Off the Beat: Bruce Byfield's Blog

Wesnoth's Strange Legacy

Feb 29, 2016 GMT

I usually avoid massively multiplayer online role-playing games (MMORPGs). The reason is not that I despise them, but the near certainty that I would like them too much, and spend too much time in them when I need to be productive. Instead, when I want more than solitaire or backgammon, I sometimes turn to The Battle for Wesnoth, avoiding online games and playing single-player campaigns, which are usually divided into campaigns, most of which can be finished in under an hour, giving me a convenient point at which to quit and do something else. However, that usually reliable strategy led me astray soon after Christmas 2015 when I discovered the Strange Legacy scenario.You see, Strange...
Miguel de Icaza and his ostracization from FOSS

Feb 24, 2016 GMT

Just before I settled down to write today, I read that Microsoft had acquired Xamarin, the company founded by  Miguel de Icaza and Nat Friedman. To many, the news is the logical end to a story that has been unfolding for years now, and if the first cries of, "Traitors!" have not appeared on blogs and articles, then I expect they are only a matter of time.However, you won't hear my voice among those screaming accusations. I'm too busy thinking about how events might have been otherwise, and how people in the free software and open source (FOSS) community are as responsible for this turn of events as de Icaza and Friedman themselves, having left them with no place to stand.As...
Is free software too good?

Feb 15, 2016 GMT

I never thought I'd say this, but maybe free software and hardware would be more widely adopted if their standards were lower.This thought occurred to me as I read Keyboardio's blog. Keyboardio, if you don't already know, is an open hardware company that is building what has to be the ultimate keyboard. It's ergonomic, the mechanical keys and their backlighting are fully programmable, and almost two-thirds of the keys are individually sculpted. The whole is mounted on two slabs of maple, resulting in one of the most beautiful pieces of computer hardware ever. In short, Keyboardio's keyboards are an act of love, created by two perfectionists who are clearly determined to see their vision...
Why are these still a thing in LibreOffice?

Feb 10, 2016 GMT

Don't get me wrong: LibreOffice is the premier office suite. I have just spent two and a half years preparing a book on LibreOffice, and I can appreciate it more than most people. I appreciate, too, how much LibreOffice has done to clean up the old OpenOffice.org code and interface. All the same, there are at least seven features whose revision, deletion, and, sometimes, proper documentation would make LibreOffice better yet.For example:1. The Alignment tab for paragraph styles includes several options for how to present the last line of a fully justified paragraph. The option is useful because the last line rarely occupies all the available space, which means that large spaces are left...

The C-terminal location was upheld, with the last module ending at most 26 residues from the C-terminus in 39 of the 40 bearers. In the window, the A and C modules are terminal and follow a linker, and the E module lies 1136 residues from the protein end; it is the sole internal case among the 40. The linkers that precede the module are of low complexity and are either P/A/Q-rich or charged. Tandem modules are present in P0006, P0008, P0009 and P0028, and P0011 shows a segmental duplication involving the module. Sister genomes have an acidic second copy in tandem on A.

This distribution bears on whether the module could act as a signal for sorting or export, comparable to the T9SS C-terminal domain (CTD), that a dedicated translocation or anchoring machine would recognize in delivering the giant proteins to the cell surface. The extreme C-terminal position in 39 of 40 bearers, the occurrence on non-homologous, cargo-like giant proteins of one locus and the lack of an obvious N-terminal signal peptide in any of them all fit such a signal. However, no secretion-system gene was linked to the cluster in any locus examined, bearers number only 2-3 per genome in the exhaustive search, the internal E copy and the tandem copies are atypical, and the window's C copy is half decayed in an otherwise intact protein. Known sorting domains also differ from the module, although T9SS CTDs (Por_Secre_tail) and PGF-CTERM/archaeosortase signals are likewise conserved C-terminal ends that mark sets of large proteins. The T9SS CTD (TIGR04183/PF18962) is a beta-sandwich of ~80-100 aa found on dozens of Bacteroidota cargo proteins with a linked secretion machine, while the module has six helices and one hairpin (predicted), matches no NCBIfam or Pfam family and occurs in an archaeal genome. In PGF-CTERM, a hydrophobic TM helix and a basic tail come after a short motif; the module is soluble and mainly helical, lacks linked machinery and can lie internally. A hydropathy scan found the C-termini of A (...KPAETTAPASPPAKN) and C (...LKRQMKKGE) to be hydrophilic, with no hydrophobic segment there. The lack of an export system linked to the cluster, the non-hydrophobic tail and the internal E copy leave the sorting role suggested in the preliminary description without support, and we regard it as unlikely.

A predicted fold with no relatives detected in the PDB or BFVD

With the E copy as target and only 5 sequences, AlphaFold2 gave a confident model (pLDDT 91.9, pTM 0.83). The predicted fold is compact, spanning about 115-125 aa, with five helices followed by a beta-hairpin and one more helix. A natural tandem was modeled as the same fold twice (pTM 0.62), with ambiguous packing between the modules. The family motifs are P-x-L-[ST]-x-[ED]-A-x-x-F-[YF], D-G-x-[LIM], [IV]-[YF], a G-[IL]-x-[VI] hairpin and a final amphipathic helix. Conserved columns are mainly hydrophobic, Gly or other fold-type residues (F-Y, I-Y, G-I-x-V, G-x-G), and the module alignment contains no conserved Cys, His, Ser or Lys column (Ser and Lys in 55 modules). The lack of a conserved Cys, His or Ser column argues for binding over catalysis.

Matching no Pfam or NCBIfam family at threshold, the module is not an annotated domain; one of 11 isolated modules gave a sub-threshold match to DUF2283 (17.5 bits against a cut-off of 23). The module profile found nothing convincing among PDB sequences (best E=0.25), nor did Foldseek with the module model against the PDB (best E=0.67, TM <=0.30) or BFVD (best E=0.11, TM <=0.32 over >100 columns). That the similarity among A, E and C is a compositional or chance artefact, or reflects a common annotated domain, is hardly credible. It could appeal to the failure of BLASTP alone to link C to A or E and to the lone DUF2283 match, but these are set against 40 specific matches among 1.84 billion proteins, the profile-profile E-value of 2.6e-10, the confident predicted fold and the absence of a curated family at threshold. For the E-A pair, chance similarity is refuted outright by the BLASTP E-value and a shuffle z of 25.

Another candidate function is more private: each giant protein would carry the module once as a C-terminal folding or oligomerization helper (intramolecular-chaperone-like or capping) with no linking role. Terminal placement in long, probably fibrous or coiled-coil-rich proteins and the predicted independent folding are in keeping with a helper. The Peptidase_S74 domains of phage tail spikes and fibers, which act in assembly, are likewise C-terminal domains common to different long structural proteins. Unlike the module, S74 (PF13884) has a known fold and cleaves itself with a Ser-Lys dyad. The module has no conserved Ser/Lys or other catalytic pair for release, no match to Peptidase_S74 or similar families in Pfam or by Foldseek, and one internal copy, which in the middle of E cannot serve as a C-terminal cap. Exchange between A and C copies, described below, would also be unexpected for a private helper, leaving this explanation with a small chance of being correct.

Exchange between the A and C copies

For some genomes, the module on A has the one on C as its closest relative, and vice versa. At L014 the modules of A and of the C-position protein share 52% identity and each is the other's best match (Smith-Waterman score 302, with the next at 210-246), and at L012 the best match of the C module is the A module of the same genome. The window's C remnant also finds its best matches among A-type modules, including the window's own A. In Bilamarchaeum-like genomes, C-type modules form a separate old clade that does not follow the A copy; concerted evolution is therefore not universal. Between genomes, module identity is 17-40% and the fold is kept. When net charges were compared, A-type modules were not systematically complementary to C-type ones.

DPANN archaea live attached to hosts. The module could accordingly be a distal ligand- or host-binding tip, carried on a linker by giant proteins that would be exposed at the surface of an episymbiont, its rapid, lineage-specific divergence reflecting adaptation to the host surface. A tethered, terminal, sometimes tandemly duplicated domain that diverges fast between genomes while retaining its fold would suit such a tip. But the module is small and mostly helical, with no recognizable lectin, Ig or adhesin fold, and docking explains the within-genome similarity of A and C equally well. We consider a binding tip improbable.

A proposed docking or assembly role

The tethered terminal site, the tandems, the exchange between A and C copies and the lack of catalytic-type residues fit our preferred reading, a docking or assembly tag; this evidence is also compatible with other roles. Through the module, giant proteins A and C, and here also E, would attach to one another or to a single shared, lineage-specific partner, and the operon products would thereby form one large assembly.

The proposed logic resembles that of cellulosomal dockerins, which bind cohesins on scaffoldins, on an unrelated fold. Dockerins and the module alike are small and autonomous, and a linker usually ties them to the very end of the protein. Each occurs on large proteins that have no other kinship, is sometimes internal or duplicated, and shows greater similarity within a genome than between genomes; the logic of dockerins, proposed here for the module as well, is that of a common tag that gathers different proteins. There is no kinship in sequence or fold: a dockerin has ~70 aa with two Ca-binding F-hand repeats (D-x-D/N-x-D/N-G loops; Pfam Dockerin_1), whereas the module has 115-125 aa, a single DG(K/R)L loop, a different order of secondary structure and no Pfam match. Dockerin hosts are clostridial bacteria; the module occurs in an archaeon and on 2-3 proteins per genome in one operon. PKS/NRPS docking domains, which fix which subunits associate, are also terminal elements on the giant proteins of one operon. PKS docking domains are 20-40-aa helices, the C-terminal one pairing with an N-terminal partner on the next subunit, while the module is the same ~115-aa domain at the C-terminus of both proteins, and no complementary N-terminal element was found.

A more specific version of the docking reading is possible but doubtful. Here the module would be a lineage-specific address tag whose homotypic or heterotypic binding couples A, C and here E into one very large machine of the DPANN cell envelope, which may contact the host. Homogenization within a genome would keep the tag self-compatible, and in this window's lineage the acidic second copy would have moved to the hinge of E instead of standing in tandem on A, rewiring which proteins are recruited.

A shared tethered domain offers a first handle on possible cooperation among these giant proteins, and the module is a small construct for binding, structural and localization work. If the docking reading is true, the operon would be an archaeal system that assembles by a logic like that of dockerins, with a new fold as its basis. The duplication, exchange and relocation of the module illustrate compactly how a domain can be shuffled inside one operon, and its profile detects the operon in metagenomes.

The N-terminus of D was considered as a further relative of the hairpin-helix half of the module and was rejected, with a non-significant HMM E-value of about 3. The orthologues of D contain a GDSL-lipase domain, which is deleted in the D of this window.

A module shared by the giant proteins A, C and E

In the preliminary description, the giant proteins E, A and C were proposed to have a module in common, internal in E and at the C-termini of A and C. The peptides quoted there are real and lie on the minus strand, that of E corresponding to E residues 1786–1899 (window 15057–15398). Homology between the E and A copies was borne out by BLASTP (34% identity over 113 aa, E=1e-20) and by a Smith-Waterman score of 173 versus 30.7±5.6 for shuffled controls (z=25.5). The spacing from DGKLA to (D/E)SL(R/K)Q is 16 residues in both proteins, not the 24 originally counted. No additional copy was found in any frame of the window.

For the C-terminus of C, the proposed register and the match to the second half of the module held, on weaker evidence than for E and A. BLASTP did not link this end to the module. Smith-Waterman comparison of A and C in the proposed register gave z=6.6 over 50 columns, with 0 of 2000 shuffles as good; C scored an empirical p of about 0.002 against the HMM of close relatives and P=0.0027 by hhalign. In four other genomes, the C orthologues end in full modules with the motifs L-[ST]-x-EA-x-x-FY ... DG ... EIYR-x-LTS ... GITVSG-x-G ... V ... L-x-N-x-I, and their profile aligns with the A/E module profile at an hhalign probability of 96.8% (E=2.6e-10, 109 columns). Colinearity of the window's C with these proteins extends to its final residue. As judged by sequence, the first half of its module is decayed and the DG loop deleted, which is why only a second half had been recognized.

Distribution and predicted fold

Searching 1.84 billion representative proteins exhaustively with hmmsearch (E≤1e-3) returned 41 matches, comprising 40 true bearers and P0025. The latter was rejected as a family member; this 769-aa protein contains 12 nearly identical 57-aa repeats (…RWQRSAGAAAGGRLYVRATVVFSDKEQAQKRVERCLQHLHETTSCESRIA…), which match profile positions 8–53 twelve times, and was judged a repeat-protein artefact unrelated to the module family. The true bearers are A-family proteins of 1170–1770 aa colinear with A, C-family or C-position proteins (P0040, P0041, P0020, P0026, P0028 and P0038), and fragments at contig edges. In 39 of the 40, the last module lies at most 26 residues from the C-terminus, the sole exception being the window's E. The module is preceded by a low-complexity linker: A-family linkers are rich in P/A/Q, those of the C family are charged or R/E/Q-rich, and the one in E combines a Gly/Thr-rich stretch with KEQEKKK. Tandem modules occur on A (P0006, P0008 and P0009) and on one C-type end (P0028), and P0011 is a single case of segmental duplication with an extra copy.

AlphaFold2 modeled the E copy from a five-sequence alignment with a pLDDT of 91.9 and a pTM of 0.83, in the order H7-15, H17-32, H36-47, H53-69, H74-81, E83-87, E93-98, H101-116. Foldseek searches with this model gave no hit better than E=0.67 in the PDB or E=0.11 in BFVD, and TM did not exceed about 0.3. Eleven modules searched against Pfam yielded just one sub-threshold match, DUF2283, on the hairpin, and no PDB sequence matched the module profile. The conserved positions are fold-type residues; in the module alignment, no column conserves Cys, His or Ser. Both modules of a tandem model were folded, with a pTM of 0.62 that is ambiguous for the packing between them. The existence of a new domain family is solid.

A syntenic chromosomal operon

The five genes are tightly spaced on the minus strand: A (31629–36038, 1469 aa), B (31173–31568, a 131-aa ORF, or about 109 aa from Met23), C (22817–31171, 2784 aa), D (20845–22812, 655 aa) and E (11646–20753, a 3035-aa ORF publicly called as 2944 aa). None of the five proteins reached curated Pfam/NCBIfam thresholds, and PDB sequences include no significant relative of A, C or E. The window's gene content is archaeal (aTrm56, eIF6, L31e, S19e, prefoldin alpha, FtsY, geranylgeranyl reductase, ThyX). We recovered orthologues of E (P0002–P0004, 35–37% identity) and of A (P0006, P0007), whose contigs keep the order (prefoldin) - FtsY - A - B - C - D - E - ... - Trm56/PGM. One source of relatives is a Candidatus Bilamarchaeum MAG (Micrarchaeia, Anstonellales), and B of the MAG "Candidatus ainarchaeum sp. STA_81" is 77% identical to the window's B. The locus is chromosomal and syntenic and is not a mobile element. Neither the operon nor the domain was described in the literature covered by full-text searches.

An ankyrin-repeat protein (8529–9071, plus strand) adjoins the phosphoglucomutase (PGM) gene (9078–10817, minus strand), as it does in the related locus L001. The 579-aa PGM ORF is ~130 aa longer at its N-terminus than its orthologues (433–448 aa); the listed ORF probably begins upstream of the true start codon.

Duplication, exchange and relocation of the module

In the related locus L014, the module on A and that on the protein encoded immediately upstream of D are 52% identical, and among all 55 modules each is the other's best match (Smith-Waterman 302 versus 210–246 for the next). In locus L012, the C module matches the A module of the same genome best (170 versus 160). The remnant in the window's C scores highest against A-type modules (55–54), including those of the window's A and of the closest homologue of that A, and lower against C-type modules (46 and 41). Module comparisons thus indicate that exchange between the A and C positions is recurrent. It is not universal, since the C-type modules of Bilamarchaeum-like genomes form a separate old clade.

Security's weakest link is people

Jan 31, 2016 GMT

A few years ago, a neighbor asked me to help secure their computer. I'm not an expert on Windows, but I told them to run non-administrative accounts except when doing maintenance, and set passwords for their regular accounts. I also suggested that if they avoided dodgy download sites, they might not have to pay to have their computer cleaned up every few months.Several months later, I learned that they had gone back to using administrative accounts and stopped using passwords because they were "too much trouble." As for the hazards of download styles, they had just paid another $200 to have the malware and viruses removed.I think of these neighbors whenever I see efforts to...
Open hardware, free software, and crowdfunding

Jan 25, 2016 GMT

Open hardware is finally coming of age. Thanks to the combination of free software and crowdfunding, dozens of small projects and businesses are producing innovative and useful examples of open hardware. As a result, the idea of open hardware, first imagined over a decade ago, is at last being realized.Looking at sites like Crowd Supply, Indiegogo, and Kickstarter, I can see dozens of campaigns for open hardware that are either under way or scheduled to begin soon. However, some, especially those developing specialized smart devices, seem likely to appeal to only a handful of buyers. Others, of course, may not reach their campaign goals or ship products, let alone reach any level of...
11 Free-Licensed Sans Serif Fonts

Jan 21, 2016 GMT

Of the 708 free-licensed fonts currently available on Google Fonts, 191 are categorized as sans serif. That's not surprising, because sans serifs are among the most versatile  of modern fonts.Prior to the early 19th century, most fonts were serifs, so-named for the hooks or crosspieces at the end of character strokes. When sans serifs first appeared, their appearance was so unusual that they were often called Grotesques (Another early name for them was Gothics, meaning they originated in northern Europe, as opposed to Italy, where serifs originated).San serifs quickly gained in popularity, and by the early twentieth century, they had a reputation for having a clean, modern look. That...

Issue 188/2016

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